On Mon, Jun 30, 2014 at 11:43 PM,  <pyt...@bdurham.com> wrote:
> As a diagnostic tool, I would like to create a dict-like class that counts
> successful and failed key matches by key. By failed I mean in the sense that
> a default value was returned vs. an exception raised. By count, I mean by
> tracking counts for individual keys vs. just total success/failure counts.
> The class needs to support setting values, retrieving values, and retrieving
> keys, items, and key/item pairs. Basically anything that a regular dict, I'd
> like my modified class to do as well.

Sounds like you want to subclass dict, then. Something like this:

class StatsDict(dict):
    def __init__(self, *a, **ka):
        super().__init__(*a, **ka)
        self.success = defaultdict(int)
        self.fail = defaultdict(int)
    def __getitem__(self, item):
            ret = super().__getitem__(item)
            self.success[item] += 1
            return ret
        except KeyError:
            self.fail[item] += 1

On initialization, set up some places for keeping track of stats. On
item retrieval (I presume you're not also looking for stats on item
assignment - for that, you'd want to also override __setitem__),
increment either the success marker or the fail marker for that key,
based exactly on what you say: was something returned, or was an
exception raised.

To get the stats, just look at the success and fail members:

>>> d = StatsDict()
>>> d["foo"]=1234
>>> d["foo"]
>>> d["spam"]
KeyError: 'spam'
>>> d["foo"]
>>> d["foo"]
>>> d["test"]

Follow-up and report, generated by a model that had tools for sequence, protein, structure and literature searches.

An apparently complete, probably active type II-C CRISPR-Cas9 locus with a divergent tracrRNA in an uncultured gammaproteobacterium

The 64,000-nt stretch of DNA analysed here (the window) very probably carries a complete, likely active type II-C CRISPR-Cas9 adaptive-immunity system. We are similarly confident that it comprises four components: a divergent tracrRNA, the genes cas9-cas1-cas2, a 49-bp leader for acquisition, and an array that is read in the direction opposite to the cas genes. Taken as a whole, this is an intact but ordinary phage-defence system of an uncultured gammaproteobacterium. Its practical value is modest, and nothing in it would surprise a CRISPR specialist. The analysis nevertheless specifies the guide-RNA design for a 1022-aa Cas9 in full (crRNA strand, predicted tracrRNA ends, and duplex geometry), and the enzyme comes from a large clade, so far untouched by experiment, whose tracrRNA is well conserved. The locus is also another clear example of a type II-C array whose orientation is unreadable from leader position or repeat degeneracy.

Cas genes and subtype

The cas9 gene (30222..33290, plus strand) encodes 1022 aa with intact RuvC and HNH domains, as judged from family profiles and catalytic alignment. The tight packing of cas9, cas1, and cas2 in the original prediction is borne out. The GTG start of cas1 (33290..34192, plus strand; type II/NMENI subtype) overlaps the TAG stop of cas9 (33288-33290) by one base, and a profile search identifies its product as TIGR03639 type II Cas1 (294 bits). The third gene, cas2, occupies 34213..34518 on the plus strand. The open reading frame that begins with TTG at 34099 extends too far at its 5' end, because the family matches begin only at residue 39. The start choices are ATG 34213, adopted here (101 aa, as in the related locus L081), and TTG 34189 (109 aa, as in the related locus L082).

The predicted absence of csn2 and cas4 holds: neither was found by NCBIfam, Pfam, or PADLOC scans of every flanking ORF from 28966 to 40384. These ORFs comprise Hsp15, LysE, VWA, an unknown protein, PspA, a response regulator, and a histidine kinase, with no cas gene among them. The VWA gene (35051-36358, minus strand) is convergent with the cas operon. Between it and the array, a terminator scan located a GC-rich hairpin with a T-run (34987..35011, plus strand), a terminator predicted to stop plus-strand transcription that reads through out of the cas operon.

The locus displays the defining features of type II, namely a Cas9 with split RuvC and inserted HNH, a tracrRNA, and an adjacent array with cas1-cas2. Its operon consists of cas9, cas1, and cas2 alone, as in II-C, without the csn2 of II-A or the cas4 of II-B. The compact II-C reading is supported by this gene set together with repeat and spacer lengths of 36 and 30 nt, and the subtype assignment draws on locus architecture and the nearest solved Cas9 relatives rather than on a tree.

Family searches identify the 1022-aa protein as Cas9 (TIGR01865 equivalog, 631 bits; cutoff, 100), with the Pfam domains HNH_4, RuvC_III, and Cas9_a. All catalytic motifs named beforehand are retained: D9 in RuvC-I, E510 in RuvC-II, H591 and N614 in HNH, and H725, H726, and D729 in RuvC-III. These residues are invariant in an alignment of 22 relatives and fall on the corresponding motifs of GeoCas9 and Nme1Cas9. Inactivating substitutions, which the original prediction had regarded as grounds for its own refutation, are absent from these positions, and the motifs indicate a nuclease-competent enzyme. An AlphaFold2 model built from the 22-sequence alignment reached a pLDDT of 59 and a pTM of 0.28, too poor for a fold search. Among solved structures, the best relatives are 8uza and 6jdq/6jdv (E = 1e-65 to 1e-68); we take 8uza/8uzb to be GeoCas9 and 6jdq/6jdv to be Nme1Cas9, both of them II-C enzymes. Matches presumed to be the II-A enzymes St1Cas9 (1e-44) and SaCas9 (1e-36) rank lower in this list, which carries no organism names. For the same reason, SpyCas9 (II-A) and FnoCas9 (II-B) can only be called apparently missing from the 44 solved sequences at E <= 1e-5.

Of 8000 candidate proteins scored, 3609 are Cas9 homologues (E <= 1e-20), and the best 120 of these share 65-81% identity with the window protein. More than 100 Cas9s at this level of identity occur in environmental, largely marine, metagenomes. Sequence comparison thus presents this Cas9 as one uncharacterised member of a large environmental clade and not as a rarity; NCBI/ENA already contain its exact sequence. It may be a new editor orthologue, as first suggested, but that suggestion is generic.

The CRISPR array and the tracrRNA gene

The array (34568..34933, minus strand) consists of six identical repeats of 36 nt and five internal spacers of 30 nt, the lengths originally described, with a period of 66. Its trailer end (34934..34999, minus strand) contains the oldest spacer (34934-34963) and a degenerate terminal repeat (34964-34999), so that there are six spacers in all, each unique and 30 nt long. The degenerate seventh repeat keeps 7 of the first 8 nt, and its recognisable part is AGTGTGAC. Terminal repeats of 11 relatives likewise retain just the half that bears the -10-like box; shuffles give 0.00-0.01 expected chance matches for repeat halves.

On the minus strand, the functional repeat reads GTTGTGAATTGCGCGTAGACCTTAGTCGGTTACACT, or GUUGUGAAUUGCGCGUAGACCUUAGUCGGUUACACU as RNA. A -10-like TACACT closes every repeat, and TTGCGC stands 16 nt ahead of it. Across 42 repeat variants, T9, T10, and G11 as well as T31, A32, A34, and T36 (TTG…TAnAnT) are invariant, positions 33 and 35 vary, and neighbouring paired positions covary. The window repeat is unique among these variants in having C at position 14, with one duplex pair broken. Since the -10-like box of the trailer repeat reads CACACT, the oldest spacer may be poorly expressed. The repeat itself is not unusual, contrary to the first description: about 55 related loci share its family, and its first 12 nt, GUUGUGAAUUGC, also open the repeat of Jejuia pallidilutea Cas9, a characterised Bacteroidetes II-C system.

KeyError: 'test'
>>> len(d.success) # Unique successful keys
>>> len(d.fail) # Unique failed keys
>>> sum(d.success.values()) # Total successful lookups
>>> sum(d.fail.values()) # Total unsuccessful lookups

You can also interrogate the actual defaultdicts, eg to find the hottest N keys.

For everything other than simple key retrieval, this should function
identically to a regular dict. Its repr will be a dict's repr, its
iteration will be its keys, all its other methods will be available
and won't be affected by this change. Notably, the .get() method isn't
logged; if you use that and want to get stats for it, you'll have to
reimplement it - something like this:

    def get(self, k, d=None):
            return self[k]
        except KeyError:
            return d

The lookup self[k] handles the statisticking, but if you let this go
through to the dict implementation of get(), it seems to ignore

This probably isn't exactly what you want, but it's a start, at least,
and something to tweak into submission :)


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